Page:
As we take a drive through the culinary highways and byways of West Tennessee, there seems to be some prevailing attitudes and behaviors that might perhaps 'stifle' the growth of the food culture. It becomes apparent as I watch the closing of locally owned restaurants and the opening of cookie cutter chain establishments. It also can be seen in what I like to call the 'syncretism' of foods among local establishments where foods like 'meatloaf' are found paired with ethnic foods like 'lo mein' or where an order of Mole Poblano at a Mexican restaurant comes with a 'side of fries'....As Buffalo Springfield said " There's something happenin here, what it is ain't exactly clear..."
In looking at the West Tennessee region it becomes apparent that there is a 'hot list' of foods and restaurants that are popular among patrons. Some of these include:
- Places that claim to serve 'homemade country cooking' but are truly serving fast food, canned sugar coated vegetables and deep fried meats. The traditional 'Meat and Three' typically ranges from dishes like meatloaf, fried chicken, poppy seed chicken (how country is that?) and country fried steak.
- Chains that are known for their glitzy advertisements that sell '2 Dinners for 20.00' complete with plastic tasting deep fried cheese sticks and chicken wings. Most of these offer variations of the same four dishes: faux fajitas; chicken covered in cheese and bacon; horrible cuts of meat called 'steak' with some sort of seasoning on top and fettuccine covered in some sort of mystery sauce. Guilty suspects names begin with 'TGI', 'Apple' or 'Chili', nonetheless they are all the same.
- Mexican or Chinese restaurants that carry few dishes that have little resemblance to authentic dishes. Burritos, Fajitas and Nachos served with french fries or Chinese buffets covered in frozen pizza or deep fried corn nuggets. Both of these would bring tears to a Rick Bayless or a Ming Tsai in a heartbeat...
The common denominator in these trends seems to be to 'play it safe'. Why go to a place that serves low quality dishes in fifty different forms? Because it's safe, because it is familiar. Why do we have twenty Mexican restaurants in a town but less than three of them serve authentic dishes like Chilaquiles or Posole? Why do we have numerous Chinese restaurants but not one serves Dim Sum? Is it because the owners and cooks don't want to share these traditional dishes with us or is it that we are more comfortable eating grilled cheese tacos and hamburger helper?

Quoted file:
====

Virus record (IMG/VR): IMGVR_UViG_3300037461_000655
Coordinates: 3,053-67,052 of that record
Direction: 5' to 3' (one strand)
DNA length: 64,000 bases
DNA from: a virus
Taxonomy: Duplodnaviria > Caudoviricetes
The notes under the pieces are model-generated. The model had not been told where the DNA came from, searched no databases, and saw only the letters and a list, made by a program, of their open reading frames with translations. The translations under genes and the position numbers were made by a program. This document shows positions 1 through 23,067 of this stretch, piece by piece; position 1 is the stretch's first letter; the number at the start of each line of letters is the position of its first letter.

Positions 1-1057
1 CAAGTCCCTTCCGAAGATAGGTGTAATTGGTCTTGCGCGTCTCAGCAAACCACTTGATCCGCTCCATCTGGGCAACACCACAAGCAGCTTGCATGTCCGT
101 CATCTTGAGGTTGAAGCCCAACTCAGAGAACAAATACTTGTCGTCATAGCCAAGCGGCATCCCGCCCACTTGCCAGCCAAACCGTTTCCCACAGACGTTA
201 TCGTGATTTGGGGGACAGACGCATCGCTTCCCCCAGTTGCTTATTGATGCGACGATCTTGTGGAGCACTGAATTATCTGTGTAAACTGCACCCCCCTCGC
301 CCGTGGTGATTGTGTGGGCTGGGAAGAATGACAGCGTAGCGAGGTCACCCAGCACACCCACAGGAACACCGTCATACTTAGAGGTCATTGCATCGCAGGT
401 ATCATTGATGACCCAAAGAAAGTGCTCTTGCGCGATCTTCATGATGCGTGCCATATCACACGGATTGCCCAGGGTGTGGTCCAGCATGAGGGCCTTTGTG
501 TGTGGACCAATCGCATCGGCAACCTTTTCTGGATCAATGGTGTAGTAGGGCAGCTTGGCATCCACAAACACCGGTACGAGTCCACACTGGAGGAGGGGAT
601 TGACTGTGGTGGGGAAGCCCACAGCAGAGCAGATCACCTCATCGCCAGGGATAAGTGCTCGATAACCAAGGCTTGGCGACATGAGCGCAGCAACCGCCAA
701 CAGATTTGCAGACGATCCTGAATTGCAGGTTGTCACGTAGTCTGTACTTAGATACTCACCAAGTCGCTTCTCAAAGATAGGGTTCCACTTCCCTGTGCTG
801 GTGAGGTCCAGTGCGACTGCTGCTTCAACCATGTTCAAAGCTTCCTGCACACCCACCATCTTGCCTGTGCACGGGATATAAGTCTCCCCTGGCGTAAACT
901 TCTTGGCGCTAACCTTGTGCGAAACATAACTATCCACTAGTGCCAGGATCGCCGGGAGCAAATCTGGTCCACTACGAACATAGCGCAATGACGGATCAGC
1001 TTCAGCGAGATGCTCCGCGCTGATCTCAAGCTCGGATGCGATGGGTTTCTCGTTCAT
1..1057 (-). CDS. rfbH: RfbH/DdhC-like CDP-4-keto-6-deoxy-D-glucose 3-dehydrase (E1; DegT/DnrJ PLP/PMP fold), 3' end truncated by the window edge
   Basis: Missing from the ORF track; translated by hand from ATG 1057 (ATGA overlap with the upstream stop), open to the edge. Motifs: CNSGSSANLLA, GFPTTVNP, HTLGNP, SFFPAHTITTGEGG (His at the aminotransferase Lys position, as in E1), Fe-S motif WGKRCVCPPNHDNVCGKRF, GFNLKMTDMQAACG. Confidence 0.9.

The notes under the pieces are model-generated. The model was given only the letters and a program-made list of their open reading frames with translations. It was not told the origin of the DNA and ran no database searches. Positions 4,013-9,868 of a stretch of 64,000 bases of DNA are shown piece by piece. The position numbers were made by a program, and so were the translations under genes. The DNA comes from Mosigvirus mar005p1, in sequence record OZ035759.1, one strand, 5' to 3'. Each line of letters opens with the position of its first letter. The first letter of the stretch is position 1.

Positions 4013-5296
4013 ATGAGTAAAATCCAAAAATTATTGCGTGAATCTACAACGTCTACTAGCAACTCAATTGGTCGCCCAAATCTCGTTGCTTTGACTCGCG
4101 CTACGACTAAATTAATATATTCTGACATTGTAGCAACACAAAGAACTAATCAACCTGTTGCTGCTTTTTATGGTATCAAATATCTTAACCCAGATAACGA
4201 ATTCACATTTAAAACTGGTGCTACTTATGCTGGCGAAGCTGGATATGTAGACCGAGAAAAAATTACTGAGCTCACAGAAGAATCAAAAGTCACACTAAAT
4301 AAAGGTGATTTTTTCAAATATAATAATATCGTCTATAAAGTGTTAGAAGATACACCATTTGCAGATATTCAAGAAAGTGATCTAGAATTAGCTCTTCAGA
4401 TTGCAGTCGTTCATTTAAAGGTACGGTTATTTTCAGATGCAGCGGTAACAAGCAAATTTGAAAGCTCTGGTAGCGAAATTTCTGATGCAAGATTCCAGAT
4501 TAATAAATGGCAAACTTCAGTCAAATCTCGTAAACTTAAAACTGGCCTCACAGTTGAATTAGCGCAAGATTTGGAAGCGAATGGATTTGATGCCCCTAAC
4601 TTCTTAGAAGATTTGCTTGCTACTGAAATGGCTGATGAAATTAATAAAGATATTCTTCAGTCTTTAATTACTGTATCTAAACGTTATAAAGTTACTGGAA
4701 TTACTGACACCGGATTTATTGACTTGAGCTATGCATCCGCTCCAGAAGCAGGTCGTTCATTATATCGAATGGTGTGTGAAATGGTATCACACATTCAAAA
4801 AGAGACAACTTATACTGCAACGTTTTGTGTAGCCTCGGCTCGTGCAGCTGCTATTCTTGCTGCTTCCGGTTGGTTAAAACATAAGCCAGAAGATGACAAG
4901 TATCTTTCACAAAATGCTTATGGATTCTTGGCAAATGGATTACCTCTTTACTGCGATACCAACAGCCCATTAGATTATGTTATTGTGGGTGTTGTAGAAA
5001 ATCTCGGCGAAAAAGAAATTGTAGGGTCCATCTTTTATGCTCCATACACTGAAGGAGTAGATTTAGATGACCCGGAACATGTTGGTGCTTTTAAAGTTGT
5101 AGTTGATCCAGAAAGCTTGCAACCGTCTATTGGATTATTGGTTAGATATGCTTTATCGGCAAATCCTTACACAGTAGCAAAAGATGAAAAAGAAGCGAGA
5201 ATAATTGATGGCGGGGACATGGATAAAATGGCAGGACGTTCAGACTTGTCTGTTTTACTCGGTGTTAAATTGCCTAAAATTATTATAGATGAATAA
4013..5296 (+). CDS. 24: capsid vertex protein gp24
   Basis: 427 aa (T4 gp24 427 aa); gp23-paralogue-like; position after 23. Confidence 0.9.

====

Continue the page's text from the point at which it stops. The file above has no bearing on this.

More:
There's a great scene in the 1996 movie 'Big Night'. The story focuses on an Italian family that seeks to bring real Italian food to the United States. Offended by the 'watering down' of Italian dishes by Americanized Italian restaurants, the family opens a restaurant to introduce the local community to 'authentic' Italian foods.
One evening a couple enters the restaurant and orders risotto and a pasta dish. The waiter brings the food out to the couple and when seeing a leaf of fresh basil on her husband's dish, the woman exclaims " That looks good. Oh look you got leaves with yours". The wife is then presented with a serving of authentic risotto. The woman begins to ask about 'a side of spaghetti' that typically comes with main dishes at the Americanized restaurants. The waiter explains to the woman that risotto is a starch and that it would be redundant to serve up a starch with a starch. Her husband then demands an order of spaghetti and meatballs. The waiter explains that spaghetti does not come with meatballs. Eventually the chef is told to cook what the customers want NOT what is authentic.